Staff Travel Survey 2007
|Purpose||The staff travel survey was commissioned by the passenger transport service to enable them to create a staff travel plan for Preston based staff. They were particularly interested in current travel methods and the reasons behind these choices, and what would encourage staff to stop using their cars.
The main objectives of the survey were to find out how staff travel to/from work and how they travel for work, the reasons behind the choice of transport, the level of awareness of alternative modes of transport and what would encourage staff to alternative modes of transport other than the car.
|Commissioned by||Passenger Transport Service|
Questionnaire - online
|Date||05/11/2007 - 30/11/2007|
|Undertaken by||Corporate Research and Intelligence Team, Policy Unit|
|Number of responses||2272|
|Key findings||Seven in ten staff normally travel to work in a car (most travelling alone). The most popular alternatives are the bus, walking and the train. Walkers tend to live closer to their workplace; whereas people who travel by train, and car drivers, live further away from Preston. The mean travel distance and time to work are 5.38 miles and 31 minutes.
Car users generally park on a workplace car park. People use their cars because it is more convenient, they need it to do their job, it saves time and because they need to use it before/after work. The main reasons for not coming to work in a car were because it is the quickest or cheapest way, and is better for the environment.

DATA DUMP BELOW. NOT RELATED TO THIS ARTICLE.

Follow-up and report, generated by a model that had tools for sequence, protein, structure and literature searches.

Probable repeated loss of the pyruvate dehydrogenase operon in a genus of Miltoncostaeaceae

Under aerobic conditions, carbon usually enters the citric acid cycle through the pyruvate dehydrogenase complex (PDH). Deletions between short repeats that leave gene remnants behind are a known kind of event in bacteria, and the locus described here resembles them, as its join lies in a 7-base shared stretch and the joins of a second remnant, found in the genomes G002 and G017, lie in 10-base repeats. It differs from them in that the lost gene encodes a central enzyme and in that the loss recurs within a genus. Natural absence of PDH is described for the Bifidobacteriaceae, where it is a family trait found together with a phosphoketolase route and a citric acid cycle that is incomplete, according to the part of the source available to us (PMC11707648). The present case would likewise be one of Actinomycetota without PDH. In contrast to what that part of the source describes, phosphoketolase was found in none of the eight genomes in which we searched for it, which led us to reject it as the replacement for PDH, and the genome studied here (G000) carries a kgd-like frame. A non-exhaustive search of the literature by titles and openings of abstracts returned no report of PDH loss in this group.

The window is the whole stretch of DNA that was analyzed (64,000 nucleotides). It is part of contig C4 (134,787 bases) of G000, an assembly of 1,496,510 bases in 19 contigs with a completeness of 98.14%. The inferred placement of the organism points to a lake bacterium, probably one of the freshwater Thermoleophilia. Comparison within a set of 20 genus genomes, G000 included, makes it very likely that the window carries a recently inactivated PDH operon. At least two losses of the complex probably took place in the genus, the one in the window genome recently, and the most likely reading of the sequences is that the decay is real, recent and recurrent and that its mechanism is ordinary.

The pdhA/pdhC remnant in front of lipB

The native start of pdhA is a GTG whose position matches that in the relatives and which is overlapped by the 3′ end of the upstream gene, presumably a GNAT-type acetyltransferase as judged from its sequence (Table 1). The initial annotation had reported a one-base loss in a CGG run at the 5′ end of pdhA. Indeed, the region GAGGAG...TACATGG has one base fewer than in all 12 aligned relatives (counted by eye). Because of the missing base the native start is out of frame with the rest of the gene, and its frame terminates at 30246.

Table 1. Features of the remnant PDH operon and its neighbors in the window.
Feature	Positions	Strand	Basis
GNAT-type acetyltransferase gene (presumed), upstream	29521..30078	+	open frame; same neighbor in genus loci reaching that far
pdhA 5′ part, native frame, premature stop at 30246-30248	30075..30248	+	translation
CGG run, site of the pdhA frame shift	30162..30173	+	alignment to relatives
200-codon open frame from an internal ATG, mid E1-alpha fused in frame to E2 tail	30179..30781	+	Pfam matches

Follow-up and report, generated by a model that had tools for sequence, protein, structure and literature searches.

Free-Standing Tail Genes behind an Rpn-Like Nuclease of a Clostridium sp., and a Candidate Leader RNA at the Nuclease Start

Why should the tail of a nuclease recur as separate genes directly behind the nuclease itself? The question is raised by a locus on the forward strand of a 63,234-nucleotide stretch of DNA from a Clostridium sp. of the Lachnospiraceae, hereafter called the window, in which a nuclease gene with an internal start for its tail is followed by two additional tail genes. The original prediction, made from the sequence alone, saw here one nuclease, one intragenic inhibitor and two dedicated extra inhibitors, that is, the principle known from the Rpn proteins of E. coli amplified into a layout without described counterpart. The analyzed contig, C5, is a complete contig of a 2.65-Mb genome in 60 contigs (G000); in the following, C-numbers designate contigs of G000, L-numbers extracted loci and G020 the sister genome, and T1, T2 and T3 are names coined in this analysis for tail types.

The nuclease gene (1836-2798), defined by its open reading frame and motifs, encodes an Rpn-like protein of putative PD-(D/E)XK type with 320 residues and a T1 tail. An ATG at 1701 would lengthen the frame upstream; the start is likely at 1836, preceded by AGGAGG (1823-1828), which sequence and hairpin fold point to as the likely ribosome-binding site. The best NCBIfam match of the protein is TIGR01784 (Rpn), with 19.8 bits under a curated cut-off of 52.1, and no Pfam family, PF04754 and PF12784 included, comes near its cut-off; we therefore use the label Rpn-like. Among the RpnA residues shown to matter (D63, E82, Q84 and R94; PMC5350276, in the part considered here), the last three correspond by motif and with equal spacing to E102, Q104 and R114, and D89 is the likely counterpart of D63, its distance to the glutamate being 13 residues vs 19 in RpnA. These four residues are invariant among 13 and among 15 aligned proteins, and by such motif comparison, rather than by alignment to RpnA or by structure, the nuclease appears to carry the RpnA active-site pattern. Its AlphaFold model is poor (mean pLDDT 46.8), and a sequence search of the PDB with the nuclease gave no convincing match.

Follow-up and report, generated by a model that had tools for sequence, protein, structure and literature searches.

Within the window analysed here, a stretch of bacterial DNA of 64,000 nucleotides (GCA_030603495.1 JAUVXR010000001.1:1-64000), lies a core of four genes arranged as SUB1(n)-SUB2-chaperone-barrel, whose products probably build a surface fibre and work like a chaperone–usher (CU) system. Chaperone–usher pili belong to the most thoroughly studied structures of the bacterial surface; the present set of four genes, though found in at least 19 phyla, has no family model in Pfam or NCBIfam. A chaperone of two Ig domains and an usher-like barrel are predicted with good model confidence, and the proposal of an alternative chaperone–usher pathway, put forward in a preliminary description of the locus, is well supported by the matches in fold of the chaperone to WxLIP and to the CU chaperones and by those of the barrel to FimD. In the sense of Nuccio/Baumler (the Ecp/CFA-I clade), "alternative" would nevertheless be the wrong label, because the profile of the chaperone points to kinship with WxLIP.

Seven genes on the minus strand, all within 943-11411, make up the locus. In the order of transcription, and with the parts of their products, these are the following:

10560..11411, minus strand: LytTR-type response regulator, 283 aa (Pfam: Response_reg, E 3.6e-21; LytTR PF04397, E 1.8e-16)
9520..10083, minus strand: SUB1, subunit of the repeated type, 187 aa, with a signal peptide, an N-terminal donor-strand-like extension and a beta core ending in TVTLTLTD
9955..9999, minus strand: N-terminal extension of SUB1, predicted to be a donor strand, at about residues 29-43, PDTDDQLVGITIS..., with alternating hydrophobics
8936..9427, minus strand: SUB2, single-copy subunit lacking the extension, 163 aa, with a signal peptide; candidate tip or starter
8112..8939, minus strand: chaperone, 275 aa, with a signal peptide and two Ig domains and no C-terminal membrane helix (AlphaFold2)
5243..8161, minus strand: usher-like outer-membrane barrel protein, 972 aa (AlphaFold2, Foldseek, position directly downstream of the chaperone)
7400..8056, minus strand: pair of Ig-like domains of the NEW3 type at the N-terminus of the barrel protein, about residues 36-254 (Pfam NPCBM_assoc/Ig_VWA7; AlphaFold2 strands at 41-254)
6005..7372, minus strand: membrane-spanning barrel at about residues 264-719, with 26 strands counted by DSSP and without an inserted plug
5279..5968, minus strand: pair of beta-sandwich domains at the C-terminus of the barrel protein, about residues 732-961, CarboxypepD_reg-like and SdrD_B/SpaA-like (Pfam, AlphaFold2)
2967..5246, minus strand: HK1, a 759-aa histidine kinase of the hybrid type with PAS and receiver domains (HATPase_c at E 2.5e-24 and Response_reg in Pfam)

Only two-thirds of staff are aware of the Shared Wheels website (although this is higher in the Environment Directorate).
More than half of staff members don't think they live within cycling distance of work. Of those who said they do live within cycling distance the mean distance they live away from County Hall is 2.23 miles. And a third of these said they would never cycle. The strongest encouragements were to improve cycle paths and facilities at work for cycling.
One in six people would never use public transport. However, the biggest incentives for using it were discounts on/cheaper tickets, more frequent and direct services. Further incentives for stopping people using their car were free shuttle buses between offices and stations and improving the flexi system (by broadening the start and finish times).
Most jobs (83%) have some form of travel for work. Four-fifths of staff have used their own car for work travel. Public transport isn't used as frequently though it is the next most commonly used method (train more than bus).
Three-fifths of staff travel for work in their own car less regularly (a few times a year or month), although two-fifths use their cars regularly (most days or a few times a week).
Fewer than one in ten people would use a pool bicycle for work travel if they had the option, although more men would.
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